Away from the spawners
  |  First Published: July 2010

I'm sure there are plenty of readers looking forward to warmer days and to the end of the closed season on bass and estuary perch on September 1.

If you can't wait for the end of the month, why not have a crack at some of the bass which will still be in the upper reaches of our creeks and rivers, well away from the fish which are still spawning.

In the cold water, which is still going to take a while yet to warm up, you will need to work your presentations a lot slower than in the warmer months. I use a 7' spinning rod to get long casts for soft plastics and suspending lures worked very slowly with a stop/start retrieve.

The fishes’ metabolism is a lot slower in the colder water and if you can tempt them with a slower retrieve, you've got a much great chance of catching one.

I rig plastics as lightly as I can get away with depending on the conditions and work them along the faces of weed beds and around timber.

Weed beds are often a little warmer than open water and if you've skept a close eye on your sounder’s temp gauge, you'll no doubt have noticed this.

Suspending lures have been carefully designed to ensure that once you stop the retrieve, the lure does not move up or down in the water column. At the very least, it may rise very slowly.

This will depend on water temperature and salinity, so if you want your suspending lure to truly suspend, you may need to add a little more weight.

Some anglers add some thin wire around the shafts of the trebles, while others use a small circle of stick-on lead, available from all good tackle shops.

Once you get that suspending lure down to its deepest, use twitches and subtle movements, which to an angler can seem unbearably long, to tempting to a lurking bass.

I have found that giving the lure a quick twitch gets the bass to strike, thinking that its easy meal has been spooked and is ready to scoot.

I love using suspending lures especially around weed beds. I position the boat where I can make long casts along the face of the weed, and work the lure back very slowly.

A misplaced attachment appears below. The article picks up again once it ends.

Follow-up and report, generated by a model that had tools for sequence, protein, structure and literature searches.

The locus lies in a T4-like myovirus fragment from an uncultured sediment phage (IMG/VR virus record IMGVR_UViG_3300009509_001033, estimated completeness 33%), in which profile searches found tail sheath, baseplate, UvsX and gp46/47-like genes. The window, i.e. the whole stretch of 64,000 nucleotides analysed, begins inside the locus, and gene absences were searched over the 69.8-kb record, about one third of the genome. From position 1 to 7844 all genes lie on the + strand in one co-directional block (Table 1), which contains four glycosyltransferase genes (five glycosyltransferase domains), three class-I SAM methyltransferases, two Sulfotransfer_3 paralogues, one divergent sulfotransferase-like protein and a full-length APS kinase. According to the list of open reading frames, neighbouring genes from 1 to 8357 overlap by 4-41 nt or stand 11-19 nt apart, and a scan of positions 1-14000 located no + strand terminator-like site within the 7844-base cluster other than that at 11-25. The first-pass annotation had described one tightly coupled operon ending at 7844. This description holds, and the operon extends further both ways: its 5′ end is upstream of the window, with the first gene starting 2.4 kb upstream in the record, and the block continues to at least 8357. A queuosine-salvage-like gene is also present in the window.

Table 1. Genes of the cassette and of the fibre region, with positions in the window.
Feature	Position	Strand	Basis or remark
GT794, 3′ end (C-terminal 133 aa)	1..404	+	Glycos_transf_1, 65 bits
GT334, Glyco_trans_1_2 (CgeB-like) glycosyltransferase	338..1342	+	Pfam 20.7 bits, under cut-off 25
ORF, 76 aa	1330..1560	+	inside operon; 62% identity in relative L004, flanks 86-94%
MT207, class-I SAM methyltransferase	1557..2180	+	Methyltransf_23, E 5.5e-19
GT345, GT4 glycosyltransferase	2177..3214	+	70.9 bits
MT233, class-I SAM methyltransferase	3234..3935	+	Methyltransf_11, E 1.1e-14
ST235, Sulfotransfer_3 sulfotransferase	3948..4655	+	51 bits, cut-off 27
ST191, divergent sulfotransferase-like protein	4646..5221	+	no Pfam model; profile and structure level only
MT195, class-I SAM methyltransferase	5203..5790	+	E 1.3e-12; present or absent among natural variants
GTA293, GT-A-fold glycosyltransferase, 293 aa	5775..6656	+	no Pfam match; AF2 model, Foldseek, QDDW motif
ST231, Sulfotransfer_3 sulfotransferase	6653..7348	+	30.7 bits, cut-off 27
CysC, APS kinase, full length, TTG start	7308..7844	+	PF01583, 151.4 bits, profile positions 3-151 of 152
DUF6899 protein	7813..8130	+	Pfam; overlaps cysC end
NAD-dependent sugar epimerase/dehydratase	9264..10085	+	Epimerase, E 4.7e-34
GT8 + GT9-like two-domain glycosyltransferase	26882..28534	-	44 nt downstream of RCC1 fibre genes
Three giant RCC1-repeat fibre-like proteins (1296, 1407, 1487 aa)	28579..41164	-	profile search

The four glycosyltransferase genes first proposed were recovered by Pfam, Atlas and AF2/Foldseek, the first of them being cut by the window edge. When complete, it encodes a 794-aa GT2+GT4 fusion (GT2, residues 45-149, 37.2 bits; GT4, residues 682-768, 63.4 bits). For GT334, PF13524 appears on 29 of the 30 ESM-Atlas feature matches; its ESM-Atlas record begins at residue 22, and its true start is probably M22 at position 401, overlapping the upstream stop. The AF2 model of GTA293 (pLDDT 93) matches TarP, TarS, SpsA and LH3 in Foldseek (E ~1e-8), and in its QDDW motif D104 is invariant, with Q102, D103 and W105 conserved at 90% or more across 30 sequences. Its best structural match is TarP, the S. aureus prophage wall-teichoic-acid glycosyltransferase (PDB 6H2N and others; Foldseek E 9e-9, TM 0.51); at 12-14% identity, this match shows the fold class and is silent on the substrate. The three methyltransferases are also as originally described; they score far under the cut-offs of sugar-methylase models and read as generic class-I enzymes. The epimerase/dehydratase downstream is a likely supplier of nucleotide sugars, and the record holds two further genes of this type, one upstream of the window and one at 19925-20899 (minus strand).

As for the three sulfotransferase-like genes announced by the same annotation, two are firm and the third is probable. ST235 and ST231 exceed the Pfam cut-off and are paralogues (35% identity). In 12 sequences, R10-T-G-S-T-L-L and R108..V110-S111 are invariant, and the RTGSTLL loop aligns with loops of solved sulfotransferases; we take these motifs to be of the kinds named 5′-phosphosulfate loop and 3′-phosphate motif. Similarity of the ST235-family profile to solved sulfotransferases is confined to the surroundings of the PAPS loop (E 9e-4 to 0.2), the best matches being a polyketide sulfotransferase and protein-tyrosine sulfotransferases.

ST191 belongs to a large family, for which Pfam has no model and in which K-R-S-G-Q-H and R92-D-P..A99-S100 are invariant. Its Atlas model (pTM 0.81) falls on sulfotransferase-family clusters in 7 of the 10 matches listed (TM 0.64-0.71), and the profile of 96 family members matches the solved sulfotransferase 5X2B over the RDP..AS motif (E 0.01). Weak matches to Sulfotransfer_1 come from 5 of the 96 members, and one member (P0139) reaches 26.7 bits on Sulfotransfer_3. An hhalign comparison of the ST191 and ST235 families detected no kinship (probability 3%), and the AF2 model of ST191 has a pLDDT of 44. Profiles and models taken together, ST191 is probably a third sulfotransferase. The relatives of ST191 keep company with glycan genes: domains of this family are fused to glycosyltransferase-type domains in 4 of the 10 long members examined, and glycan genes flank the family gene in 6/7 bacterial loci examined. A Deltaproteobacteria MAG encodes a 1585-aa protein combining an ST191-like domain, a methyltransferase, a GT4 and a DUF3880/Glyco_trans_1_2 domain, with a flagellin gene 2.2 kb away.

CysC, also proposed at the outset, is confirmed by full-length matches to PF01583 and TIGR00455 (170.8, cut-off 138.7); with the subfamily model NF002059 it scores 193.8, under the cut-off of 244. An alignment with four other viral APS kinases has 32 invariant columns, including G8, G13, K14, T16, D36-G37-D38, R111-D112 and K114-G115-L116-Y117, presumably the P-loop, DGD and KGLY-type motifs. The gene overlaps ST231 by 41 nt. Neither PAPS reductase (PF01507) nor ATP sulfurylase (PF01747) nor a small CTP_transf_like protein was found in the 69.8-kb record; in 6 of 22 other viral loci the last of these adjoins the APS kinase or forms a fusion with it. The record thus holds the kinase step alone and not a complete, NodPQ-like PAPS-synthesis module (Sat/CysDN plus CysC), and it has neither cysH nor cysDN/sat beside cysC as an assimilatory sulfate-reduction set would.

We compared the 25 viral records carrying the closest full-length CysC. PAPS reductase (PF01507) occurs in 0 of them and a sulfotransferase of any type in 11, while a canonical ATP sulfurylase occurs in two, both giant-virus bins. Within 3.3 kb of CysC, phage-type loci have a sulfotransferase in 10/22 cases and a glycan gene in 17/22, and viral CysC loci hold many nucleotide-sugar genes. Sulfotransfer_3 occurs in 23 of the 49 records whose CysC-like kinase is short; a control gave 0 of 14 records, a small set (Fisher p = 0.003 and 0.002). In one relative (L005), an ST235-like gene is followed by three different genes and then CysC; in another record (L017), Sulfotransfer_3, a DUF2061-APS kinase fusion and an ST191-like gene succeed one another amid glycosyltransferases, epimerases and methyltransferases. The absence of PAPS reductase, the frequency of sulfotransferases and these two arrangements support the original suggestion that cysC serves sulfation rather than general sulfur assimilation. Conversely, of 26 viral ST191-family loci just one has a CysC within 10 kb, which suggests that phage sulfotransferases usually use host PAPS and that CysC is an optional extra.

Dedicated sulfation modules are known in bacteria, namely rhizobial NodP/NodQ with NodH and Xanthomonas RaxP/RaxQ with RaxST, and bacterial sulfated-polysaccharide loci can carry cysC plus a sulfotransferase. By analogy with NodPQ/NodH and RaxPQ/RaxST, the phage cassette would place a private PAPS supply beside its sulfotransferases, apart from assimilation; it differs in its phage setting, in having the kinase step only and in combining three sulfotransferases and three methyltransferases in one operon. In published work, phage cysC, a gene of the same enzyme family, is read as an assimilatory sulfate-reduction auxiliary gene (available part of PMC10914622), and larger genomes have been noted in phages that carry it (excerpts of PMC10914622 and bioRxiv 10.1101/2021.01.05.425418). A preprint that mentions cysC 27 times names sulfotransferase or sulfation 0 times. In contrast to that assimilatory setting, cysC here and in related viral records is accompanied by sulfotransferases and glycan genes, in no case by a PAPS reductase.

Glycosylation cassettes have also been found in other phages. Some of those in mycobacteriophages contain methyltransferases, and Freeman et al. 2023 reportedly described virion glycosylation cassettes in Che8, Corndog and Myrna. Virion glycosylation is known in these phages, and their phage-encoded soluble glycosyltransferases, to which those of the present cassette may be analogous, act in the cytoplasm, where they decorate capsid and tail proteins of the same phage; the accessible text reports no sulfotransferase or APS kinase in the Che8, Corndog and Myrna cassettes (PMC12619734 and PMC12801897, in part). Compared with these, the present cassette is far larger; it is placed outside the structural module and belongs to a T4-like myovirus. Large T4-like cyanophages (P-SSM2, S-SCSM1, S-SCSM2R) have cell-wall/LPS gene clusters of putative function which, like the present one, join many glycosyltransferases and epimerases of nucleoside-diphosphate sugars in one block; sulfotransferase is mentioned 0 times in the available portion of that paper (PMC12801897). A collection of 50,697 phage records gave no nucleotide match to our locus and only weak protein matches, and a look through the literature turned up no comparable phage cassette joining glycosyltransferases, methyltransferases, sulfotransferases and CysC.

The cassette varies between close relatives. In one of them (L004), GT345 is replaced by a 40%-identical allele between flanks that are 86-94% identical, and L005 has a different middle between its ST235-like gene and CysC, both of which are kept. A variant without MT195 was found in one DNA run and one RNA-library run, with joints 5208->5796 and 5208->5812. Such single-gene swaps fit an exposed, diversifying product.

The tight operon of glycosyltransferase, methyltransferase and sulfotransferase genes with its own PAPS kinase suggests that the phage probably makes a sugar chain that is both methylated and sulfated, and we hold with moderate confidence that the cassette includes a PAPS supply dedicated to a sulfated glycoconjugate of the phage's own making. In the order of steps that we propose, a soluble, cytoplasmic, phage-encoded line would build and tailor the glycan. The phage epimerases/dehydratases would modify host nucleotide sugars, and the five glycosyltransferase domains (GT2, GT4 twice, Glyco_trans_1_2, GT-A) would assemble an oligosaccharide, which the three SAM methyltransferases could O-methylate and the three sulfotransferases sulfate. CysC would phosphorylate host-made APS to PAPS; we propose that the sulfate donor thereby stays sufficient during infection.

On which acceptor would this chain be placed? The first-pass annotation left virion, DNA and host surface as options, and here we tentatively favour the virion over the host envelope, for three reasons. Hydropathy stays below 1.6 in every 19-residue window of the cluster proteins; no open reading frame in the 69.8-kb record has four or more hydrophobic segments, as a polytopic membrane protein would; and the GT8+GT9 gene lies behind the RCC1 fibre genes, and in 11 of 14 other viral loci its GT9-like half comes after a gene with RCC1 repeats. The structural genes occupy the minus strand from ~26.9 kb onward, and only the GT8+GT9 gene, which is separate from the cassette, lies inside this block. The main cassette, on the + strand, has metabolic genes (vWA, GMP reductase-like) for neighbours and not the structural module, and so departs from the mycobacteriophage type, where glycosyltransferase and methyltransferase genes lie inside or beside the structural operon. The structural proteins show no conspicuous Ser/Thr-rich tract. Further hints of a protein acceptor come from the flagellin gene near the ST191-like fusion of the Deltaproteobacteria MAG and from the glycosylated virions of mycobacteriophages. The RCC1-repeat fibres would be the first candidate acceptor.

A lot of anglers will probably not get too excited about using surface lures at this time of year but it can be done. I favour big surface lures and don't worry about making lots of noise.

The secret is to work them slowly, especially in areas out of the current where eddies form, and up near the banks.

Water where there is weed or rocks can often be a degree or two warmer. If you can find these areas which allow fish to sit out of the current in warmer water, try a surface lure.

I like lures like the Heddon Hula Popper or the Kokoda Bugger Chug. The Hula Popper really makes a loud blooping noise and while the Bugger Chug is not strictly speaking a surface lure, it can be used very effectively on the surface.

The Hula Popper has a large cupped face and can be worked very slowly over a short distance to remain in the strike zone. Like soft plastics and suspending lures, work them slowly and loudly and you'll find the bass will take them.

Surface flies also work, with foam or wood poppers best with slow, short strips with a floating fly line. I've even done it in mid-Winter on dams and rivers and find it a great way to take my mind off cold hands.

Or you could always try for bream and flathead. Hawkesbury prawns are the most preferred bait for them, but tailor fillets are also successful. Try Dads Corner, the entrance of the McDonald River, Portland Straight and South Juniors.

Blackfish are still about and Wisemans Ferry and downstream is worth some attention if blackfish is your thing. Green weed is the staple bait but just to prove they're not exclusively herbivores, blackfish will also take peeled prawns.

If you have high-resolution photos of your recent captures, please feel free to email them to me.

Cold-water bass away from the spawn run need slow, patient retrieves.

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